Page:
Los Angeles city officials Monday announced a proposal to use $48 million in taxpayer funds to jump-start a stalled Hollywood development project viewed as the cornerstone of the mammoth redevelopment effort for the movie capital.
The $300-million Hollywood Promenade project--a vast commercial, retail and entertainment complex that would wrap around the famous Mann’s Chinese Theatre--was thought by many to be doomed. Developers had said the poor economic climate and worsening urban decay in Hollywoodmade it impossible for them to move forward without an infusion of city money.
“A lot of people thought this project was dead, but I’m here to announce it is very much alive,” Councilman Michael Woo said at a news conference at the proposed Hollywood Boulevard site, as nearby tour buses discharged dozens of camera-toting visitors to the theater. “After many months of talks, we have a project today that gives us what we want without giving away the store.”
The Times reported Nov. 1 that after five years of planning in which Melvin Simon & Associates had vowed to build the project with no taxpayer money, the developer was seeking $70 million from the city Community Redevelopment Agency.
Woo said a compromise was reached in which the CRA would pay $4 million a year over 12 years and, in exchange, would become a partner in the project. Details have to be worked out, but the CRA and the city would get 25% of the project’s operating profit each year and “would bear no responsibility for losses,” Woo said.
CRA officials said such a partnership was unusual but not unique.
The proposed subsidy must gain the approval of the CRA board and City Council. Some council members already have pledged to examine any expenditure of taxpayer funds on the project. Woo acknowledged that he expected “an unprecedented level of scrutiny.”
“But this is a project whose time has come,” Woo said. “It will ultimately be approved.”
The 1.1-million-square-foot Promenade complex, long regarded as the heart of the $922-million redevelopment effort, would include an open-air retail shopping center, hotel, office space, restaurants and nightclubs. In addition, it is to include two movie museums situated on opposite sides of the Chinese Theatre and a 3,400-space garage underneath.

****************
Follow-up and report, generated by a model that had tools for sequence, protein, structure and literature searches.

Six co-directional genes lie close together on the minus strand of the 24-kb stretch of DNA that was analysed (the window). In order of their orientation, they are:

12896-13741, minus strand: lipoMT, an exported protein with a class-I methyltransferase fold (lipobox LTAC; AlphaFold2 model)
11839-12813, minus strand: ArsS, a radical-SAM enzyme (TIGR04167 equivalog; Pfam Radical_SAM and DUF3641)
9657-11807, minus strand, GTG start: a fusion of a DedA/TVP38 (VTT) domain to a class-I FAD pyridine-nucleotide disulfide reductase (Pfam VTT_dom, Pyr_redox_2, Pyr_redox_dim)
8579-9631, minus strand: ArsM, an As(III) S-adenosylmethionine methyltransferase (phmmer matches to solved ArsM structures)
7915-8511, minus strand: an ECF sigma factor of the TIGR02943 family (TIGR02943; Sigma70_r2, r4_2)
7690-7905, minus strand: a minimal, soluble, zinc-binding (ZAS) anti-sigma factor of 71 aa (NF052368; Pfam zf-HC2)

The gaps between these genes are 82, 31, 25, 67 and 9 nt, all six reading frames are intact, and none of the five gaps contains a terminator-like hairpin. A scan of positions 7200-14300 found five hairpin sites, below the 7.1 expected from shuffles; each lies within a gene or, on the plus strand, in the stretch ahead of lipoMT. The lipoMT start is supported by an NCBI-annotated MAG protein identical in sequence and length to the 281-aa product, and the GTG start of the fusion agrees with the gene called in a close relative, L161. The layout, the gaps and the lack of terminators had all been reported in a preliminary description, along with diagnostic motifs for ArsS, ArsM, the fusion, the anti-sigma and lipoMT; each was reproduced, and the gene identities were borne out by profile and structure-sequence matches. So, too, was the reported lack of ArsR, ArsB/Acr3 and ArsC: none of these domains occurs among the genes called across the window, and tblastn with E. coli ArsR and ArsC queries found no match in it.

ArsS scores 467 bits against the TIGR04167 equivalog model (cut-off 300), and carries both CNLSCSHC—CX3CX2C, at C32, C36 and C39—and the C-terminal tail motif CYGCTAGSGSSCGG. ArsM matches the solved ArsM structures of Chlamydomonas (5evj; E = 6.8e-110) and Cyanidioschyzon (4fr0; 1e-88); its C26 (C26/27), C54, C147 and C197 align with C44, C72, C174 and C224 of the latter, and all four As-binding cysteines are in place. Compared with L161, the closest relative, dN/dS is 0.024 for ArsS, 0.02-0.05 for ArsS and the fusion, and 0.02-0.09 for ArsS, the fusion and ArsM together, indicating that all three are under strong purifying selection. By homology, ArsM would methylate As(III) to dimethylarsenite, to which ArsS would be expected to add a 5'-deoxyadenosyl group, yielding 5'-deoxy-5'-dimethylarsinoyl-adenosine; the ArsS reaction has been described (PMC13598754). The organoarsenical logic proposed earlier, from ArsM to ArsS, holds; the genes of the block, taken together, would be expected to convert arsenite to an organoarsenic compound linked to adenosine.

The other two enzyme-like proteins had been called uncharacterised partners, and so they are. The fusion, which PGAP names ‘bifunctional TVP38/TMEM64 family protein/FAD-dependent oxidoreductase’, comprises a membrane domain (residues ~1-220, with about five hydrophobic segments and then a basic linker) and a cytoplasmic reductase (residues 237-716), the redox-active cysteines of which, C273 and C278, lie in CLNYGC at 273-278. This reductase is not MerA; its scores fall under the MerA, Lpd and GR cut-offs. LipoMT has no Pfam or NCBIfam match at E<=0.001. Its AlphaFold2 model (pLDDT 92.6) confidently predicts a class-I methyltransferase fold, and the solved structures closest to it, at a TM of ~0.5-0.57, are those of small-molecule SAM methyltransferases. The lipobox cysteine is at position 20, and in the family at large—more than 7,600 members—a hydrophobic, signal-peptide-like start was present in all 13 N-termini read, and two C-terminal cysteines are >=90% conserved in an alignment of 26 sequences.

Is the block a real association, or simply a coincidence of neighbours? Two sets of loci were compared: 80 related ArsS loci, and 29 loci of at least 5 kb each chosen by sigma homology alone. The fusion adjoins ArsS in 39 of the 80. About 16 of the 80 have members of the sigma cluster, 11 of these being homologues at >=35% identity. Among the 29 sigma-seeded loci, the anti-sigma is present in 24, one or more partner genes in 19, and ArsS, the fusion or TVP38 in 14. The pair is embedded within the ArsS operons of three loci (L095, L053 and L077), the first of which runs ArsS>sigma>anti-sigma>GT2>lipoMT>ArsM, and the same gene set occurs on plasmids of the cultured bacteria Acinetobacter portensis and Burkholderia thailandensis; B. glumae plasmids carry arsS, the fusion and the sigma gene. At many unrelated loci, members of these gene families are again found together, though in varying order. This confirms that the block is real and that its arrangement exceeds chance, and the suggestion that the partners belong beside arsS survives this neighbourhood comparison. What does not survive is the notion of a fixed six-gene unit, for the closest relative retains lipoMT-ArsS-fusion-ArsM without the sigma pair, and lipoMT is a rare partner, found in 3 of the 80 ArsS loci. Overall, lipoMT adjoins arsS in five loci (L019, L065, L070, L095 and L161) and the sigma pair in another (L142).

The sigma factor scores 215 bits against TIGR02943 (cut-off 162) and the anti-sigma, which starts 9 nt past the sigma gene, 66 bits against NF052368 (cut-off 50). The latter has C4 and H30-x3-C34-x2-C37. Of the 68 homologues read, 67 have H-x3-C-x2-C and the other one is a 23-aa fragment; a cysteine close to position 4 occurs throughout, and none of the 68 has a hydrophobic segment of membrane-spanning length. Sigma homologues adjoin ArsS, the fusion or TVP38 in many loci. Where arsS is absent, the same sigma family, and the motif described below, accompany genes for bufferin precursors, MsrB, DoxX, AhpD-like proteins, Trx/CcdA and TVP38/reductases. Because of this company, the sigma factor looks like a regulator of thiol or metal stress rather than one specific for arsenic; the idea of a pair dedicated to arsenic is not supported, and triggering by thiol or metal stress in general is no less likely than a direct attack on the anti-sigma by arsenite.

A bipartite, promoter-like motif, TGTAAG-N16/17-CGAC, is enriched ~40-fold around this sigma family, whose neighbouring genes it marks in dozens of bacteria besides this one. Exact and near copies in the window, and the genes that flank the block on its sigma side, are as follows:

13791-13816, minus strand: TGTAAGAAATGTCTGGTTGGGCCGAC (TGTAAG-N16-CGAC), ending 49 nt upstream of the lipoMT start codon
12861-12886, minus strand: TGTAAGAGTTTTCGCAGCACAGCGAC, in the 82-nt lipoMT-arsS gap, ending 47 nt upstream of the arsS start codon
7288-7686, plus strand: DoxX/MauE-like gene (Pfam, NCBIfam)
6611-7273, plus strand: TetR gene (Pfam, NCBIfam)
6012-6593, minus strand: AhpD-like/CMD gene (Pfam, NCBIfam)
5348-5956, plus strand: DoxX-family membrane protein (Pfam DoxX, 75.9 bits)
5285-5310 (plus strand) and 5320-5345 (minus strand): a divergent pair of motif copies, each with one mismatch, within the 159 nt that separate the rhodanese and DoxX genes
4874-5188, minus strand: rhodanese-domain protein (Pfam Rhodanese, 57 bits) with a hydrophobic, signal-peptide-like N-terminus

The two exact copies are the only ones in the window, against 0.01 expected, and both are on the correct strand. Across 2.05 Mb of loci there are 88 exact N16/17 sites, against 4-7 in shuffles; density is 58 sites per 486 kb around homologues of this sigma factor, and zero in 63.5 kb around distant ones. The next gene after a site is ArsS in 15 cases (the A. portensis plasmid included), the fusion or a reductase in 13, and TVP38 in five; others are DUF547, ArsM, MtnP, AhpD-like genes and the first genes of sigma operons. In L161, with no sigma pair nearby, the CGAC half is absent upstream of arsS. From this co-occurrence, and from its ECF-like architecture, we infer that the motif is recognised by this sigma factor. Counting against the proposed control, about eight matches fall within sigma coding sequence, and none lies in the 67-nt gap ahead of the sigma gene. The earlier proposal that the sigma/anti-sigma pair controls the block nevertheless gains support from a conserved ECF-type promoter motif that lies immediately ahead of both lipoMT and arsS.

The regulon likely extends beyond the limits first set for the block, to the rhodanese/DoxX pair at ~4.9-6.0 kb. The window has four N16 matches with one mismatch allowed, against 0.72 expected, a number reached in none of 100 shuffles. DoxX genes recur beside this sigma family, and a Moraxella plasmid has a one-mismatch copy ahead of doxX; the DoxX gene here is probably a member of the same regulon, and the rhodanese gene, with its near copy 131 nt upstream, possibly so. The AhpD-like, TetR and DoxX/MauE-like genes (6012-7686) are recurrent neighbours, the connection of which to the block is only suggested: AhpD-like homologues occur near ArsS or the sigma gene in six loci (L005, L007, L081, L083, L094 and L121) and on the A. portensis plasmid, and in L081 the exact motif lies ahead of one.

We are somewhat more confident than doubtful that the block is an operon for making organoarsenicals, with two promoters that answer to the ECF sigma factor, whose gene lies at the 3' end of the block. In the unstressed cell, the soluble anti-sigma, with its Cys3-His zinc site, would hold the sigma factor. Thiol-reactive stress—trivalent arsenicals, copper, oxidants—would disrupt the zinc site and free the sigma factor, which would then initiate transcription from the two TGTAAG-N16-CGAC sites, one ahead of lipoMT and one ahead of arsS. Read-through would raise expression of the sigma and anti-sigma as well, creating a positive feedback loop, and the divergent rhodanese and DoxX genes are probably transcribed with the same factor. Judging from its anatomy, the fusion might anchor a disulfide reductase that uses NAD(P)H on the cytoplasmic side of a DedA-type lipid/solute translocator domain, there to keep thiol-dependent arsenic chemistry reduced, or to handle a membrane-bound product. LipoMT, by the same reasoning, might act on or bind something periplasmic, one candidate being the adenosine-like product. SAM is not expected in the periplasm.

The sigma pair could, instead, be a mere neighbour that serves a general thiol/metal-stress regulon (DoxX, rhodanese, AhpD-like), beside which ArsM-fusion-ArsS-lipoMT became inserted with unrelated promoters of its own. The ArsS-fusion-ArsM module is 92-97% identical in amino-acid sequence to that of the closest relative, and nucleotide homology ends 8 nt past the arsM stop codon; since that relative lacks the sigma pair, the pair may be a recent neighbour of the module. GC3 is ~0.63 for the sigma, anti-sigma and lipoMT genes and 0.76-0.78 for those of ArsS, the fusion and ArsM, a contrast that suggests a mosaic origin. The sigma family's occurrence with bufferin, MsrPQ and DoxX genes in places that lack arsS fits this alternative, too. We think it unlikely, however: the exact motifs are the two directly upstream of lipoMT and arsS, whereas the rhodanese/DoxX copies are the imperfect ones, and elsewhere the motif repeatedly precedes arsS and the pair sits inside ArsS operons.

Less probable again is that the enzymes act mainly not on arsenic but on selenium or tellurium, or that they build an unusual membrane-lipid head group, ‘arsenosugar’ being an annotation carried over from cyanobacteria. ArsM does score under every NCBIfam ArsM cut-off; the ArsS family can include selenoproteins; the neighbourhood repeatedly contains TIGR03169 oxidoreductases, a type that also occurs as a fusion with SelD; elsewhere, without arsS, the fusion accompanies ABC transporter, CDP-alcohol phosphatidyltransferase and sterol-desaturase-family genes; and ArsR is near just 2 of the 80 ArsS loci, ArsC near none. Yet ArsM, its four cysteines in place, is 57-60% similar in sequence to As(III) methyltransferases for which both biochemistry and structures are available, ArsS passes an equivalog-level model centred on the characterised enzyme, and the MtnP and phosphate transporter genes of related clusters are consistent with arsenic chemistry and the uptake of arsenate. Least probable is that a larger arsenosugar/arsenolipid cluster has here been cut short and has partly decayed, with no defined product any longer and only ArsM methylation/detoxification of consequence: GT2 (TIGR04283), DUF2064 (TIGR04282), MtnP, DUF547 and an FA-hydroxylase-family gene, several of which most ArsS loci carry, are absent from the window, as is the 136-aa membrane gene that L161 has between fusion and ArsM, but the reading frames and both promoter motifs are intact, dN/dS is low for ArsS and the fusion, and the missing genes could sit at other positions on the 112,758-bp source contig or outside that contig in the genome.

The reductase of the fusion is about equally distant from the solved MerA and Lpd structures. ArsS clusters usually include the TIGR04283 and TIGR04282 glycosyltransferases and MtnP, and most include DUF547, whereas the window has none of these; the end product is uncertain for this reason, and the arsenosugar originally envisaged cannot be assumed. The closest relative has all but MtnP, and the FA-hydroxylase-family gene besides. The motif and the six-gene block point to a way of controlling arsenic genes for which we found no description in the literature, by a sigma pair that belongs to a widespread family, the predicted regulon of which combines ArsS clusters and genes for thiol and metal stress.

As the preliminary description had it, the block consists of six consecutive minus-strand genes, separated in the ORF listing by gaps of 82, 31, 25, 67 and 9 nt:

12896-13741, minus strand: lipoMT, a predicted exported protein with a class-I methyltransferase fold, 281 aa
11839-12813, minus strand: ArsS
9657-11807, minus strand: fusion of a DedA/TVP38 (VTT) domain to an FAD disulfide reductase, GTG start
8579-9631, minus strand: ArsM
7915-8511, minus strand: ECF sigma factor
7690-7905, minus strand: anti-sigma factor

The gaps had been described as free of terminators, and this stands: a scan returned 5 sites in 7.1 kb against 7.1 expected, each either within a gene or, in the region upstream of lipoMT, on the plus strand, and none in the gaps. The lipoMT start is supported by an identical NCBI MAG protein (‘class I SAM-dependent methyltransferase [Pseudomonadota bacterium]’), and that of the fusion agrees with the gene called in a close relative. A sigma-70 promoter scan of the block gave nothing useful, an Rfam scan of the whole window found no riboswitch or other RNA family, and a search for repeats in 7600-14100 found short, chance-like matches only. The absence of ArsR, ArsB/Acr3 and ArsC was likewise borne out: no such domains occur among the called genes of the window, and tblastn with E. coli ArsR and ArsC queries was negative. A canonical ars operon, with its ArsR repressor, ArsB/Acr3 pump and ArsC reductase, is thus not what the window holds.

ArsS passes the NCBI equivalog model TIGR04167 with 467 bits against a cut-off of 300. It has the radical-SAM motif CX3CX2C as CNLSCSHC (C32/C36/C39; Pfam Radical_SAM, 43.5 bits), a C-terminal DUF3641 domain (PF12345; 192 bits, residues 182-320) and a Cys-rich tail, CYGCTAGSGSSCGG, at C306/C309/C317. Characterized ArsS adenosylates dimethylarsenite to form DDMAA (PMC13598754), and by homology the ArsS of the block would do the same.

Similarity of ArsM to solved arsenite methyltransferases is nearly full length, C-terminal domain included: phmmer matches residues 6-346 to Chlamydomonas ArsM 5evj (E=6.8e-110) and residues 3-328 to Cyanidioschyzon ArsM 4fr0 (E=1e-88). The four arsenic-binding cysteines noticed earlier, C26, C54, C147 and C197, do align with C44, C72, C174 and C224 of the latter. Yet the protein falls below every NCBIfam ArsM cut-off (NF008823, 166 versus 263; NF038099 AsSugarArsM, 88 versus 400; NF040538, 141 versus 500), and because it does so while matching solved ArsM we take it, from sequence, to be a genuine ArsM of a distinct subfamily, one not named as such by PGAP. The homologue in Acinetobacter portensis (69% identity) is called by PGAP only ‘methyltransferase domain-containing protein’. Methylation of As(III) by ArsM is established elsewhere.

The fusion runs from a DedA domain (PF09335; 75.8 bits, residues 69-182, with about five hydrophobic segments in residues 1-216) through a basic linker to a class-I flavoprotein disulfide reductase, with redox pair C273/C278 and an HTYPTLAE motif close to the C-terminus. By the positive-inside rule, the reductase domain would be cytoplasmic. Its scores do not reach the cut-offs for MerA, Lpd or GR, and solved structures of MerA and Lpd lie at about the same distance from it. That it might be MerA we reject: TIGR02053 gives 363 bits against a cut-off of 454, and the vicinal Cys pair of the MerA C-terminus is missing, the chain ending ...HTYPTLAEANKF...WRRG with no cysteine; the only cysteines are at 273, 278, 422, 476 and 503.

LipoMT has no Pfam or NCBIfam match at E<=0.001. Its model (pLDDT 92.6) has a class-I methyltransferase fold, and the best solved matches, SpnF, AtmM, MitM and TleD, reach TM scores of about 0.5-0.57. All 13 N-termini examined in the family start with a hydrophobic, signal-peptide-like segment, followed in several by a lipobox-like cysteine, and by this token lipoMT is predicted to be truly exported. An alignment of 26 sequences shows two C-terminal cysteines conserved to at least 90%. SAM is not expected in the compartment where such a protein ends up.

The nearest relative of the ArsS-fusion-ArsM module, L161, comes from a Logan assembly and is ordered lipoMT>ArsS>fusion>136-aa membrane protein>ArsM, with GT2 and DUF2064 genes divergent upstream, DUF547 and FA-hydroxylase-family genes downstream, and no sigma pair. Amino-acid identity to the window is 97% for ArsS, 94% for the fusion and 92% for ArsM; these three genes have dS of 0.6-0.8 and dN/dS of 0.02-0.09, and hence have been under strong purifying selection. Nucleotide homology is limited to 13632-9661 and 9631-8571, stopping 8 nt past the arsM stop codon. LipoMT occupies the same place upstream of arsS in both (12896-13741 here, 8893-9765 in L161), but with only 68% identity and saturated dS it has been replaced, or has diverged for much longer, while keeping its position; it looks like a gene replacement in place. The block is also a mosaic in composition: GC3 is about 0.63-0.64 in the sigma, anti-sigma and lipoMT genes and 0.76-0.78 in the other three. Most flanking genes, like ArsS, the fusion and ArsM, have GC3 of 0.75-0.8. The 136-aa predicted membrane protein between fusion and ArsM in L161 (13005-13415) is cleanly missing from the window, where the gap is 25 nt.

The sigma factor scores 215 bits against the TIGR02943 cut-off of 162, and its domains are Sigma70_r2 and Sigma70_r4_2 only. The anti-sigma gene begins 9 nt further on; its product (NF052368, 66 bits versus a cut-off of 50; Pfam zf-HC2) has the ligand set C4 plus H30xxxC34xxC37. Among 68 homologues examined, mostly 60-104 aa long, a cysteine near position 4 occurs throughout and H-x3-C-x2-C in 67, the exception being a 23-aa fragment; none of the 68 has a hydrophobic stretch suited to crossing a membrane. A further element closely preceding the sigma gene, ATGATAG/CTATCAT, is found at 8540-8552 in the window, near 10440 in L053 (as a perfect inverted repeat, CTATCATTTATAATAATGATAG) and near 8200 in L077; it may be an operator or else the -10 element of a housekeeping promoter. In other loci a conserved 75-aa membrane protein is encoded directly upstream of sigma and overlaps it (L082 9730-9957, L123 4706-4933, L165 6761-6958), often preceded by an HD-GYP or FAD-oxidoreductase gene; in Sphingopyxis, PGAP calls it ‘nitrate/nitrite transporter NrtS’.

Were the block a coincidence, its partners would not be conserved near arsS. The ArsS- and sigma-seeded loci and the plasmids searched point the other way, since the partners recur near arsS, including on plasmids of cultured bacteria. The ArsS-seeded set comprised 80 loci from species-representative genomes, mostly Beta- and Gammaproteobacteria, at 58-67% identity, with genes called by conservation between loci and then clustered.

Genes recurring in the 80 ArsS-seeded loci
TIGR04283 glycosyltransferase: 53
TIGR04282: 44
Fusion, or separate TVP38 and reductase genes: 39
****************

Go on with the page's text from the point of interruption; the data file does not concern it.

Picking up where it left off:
Woo said that failure to go forward with the project could be devastating to the revitalization project.
“People have been asking me for years what was happening with the Promenade,” said Woo, who represents Hollywood. “They’ve been poised and waiting to follow Melvin Simon’s lead.”
Woo and CRA Chairman Jim Wood said they would have preferred that the project be built without taxpayers’ money, but that appears to be impossible given the economic climate.
Wood defended the proposed subsidy on the grounds that the completed project would create 3,000 permanent jobs and, over a 22-year period, generate an estimated $101.5 million in hotel, sales and parking tax revenues and another $90 million in property tax revenues. The figures are for the period between 1994, when some parts of the project are set for completion, and 2016, when the CRA’s involvement in the effort is scheduled to end.
“The numbers,” he said, “show it is a good investment in Hollywood.”
Michael Marr, vice president of development for the Indianapolis-based developer, said Melvin Simon had to ask for the subsidies because “the project became very expensive and the marketplace changed dramatically.”
“This project has been fraught with problems since we started, and we expect additional hurdles,” Marr said. “But it’s definitely a major day for us, for Hollywood and for Los Angeles.”
Meanwhile, negotiations were continuing with a second major developer that also is seeking a city subsidy. Backed by Robert M. Bass, a member of the wealthy Bass family of Texas, the project calls for construction of a 1.7-million-square-foot “urban village” with 1,000 apartment units, an office complex and retail stores. CRA officials declined to discuss the status of those negotiations.